How Platform Teams can enable developers to use their preferred Kubernetes Tools¶
There are cases where developers may prefer to use tools on their laptops such as Lens Desktop to visualize resources and interact with Kubernetes clusters. The use of a desktop based app such as Lens can be a better user experience for developers over the Kubectl CLI.
In this blog, we will describe how Platform Teams can use Rafay’s Zero-Trust Access service to enable developers to use popular Kubernetes visualization apps to troubleshoot their applications. Watch a video showing how a developer can use Lens Desktop with Rafay's Zero Trust Kubectl Access service to securely and remotely access Kubernetes clusters.
Platform teams have the onus of enabling developers to use such tooling while ensuring there are sufficient guardrails in place. The challenges that Platform teams typically run into are threefold:
- Securely authenticating users: this ideally needs to be integrated with the organization’s Identity Provider (IDP) such as Okta, Azure AD etc.
- Role based access control (RBAC): relates to the ability to centralize this with a “least privilege” security model and being able to do it at scale across clusters and 100s of developers
- Securing access to KubeAPI servers: need to manually manage access to each cluster using jump hosts or VPNs, and build custom tooling to audit and map all actions performed to a user’s identity – all of which which is error-prone and increases the risk of breaches as the number of clusters grows
Users need to know that although tools like Lens Desktop are free to download, they are not freeware. Click to view details about their pricing.
The sequence diagram shows how a developer can use Lens Desktop with Rafay's Zero Trust Kubectl Access service.
sequenceDiagram autonumber Developer--> Lens Desktop: User sets up Lens Desktop Developer->> Rafay: User authenticates via Org IDP Rafay->>Developer: User downloads consolidated kubeconfig Developer->> Lens Desktop: User uploads kubeconfig Lens Desktop-->>Rafay: Securely connects via Rafay's Zero-Trust proxy Rafay-->> Remote Cluster: Proxy authenticates user, forwards the request Note right of Rafay: Service account created with appropriate role/role binding Lens Desktop-->>Remote Cluster: Subsequent user requests are forwarded by the proxy to the remote cluster Note right of Developer: Audits for user actions are stored in Rafay's KOP Remote Cluster->> Remote Cluster: Service account gets removed after configured inactive period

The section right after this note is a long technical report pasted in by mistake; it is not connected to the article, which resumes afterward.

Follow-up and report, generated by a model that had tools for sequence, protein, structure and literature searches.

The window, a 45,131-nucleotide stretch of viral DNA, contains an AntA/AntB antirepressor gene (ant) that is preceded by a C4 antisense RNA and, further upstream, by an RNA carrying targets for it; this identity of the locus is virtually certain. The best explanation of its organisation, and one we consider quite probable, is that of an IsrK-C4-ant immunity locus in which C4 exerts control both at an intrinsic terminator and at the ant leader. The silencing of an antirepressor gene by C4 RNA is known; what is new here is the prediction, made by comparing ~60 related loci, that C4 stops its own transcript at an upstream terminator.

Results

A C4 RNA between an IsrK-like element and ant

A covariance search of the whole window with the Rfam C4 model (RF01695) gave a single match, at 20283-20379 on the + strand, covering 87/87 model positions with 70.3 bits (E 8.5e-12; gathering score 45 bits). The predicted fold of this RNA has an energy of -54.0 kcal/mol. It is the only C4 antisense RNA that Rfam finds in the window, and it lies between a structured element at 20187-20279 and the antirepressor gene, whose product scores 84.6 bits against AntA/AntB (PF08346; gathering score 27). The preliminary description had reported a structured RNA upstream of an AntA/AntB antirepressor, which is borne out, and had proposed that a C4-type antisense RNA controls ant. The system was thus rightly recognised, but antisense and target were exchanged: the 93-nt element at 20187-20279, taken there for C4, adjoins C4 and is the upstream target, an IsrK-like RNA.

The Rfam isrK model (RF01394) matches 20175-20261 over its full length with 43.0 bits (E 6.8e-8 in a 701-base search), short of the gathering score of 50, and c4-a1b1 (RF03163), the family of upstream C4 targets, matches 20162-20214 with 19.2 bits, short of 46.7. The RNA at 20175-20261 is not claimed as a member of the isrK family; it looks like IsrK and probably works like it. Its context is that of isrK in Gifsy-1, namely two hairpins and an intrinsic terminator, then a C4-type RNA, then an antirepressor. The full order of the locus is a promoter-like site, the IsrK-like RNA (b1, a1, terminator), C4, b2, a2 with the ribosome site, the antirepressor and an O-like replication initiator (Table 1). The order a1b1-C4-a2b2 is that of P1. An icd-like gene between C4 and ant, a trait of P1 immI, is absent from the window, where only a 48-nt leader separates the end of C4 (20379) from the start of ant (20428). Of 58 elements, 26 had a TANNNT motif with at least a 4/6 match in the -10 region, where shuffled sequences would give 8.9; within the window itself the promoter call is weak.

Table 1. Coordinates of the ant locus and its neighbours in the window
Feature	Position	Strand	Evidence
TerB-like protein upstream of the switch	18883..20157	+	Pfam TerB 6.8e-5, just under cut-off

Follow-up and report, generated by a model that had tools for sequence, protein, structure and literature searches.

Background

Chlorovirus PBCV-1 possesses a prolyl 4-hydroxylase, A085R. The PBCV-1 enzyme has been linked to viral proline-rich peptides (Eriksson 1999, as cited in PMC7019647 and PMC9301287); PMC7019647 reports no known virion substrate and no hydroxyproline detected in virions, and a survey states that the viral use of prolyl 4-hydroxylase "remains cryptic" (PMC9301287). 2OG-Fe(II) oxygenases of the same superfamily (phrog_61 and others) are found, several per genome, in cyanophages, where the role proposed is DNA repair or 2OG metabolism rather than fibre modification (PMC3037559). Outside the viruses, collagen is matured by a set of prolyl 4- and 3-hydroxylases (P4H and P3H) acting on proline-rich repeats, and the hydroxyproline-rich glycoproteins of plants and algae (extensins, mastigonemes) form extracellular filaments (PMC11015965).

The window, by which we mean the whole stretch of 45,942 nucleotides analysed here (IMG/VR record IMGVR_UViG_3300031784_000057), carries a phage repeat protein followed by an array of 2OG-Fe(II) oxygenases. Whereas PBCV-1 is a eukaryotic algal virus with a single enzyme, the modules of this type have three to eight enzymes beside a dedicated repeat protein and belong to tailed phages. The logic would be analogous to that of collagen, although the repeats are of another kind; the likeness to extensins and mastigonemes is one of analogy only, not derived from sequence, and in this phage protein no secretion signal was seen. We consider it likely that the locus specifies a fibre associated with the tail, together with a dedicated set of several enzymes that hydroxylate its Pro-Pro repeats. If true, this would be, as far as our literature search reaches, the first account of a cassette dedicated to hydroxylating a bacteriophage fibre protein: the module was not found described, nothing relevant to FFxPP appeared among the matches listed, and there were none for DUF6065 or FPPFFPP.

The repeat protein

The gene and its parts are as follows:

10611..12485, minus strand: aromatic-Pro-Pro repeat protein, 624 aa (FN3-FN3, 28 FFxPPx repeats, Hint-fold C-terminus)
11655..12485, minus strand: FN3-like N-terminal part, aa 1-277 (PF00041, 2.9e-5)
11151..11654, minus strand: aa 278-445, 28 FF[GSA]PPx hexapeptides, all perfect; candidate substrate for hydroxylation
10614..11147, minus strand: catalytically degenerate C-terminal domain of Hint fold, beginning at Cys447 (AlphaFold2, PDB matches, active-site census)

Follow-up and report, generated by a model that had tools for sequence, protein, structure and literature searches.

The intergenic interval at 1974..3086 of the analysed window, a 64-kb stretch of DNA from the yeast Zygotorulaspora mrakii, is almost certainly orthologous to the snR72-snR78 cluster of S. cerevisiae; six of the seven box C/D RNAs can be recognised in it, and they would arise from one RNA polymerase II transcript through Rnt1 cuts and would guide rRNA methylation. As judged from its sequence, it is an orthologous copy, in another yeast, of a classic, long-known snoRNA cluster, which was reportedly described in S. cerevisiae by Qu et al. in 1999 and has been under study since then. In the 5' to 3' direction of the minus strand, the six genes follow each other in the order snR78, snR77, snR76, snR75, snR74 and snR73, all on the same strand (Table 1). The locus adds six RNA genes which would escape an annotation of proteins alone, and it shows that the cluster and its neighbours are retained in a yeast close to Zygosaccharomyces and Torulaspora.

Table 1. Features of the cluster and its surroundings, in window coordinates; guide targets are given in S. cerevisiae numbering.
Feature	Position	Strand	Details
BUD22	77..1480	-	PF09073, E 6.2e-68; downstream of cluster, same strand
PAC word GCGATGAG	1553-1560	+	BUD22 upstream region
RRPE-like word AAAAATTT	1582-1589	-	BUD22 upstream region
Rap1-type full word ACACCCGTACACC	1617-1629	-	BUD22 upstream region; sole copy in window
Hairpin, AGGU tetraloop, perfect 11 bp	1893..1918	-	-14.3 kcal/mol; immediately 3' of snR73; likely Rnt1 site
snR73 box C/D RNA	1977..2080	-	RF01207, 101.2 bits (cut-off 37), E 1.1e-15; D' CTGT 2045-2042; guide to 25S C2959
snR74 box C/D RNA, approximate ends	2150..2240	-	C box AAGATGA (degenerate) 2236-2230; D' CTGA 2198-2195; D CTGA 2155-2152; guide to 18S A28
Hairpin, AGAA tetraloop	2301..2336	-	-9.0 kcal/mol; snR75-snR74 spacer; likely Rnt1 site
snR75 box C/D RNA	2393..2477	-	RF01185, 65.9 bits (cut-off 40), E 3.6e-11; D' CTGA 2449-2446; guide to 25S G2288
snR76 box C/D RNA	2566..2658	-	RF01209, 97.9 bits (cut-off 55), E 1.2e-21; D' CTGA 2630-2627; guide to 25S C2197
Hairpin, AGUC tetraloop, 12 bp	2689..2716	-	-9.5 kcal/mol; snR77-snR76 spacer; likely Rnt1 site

Developer downloads kubeconfig file from Rafay¶
- Developer authenticates against the organization’s IDP and logs into Rafay
- A consolidated kubeconfig file is available for the developer to download, the kubeconfig file reflects the access (clusters, role) that the Platform team has configured for the developer
Developer provides the Rafay Zero Trust kubeconfig file to Lens Desktop¶
- Navigate to Clusters page within Lens Desktop, Select the “add from kubeconfig” option
- Paste from the kubeconfig file downloaded as part of the previous step
- “Successfully added clusters” message is displayed
- Lens Desktop connects to the cluster securely through Rafay’s Zero-Trust Proxy and fetches the cluster information
- A JIT service account is created for the user on the cluster with the appropriate role/role binding
Day 2 Operations¶
- A full audit trail is persisted for user actions within Rafay’s platform and is available in real time
- There may be cases where a user no longer requires kubectl access or the kubeconfig file may have been compromised (e.g., lost/stolen laptop). It is straightforward from within Rafay’s platform to revoke a specific user’s kubeconfig immediately. Note that this can be done centrally across clusters i.e., it is not required to do this cluster by cluster
- Platform teams can configure “idle time” for the ephemeral service accounts beyond which it is automatically de-provisioned. This ensures that there are no dangling service accounts on the cluster presenting a security risk
Rafay enables platform teams to integrate best practices across Secure Access, Kubernetes RBAC and SSO to enable a Zero-Trust model for K8s infrastructure.
|Challenge||How does Rafay help?|
|Securing access to KubeAPI servers||Rafay’s Zero-Trust architecture removes the need for customers to leverage a VPN solution/bastion server access model and/or open ports in firewalls|
|Managing Kubernetes RBAC||Rafay enables customers to centralize orchestration of access policies at scale across fleet of clusters|
|SSO integration||Rafay enables customers to integrate their IDP and have the user role/access determined by the group membership in the identity provider|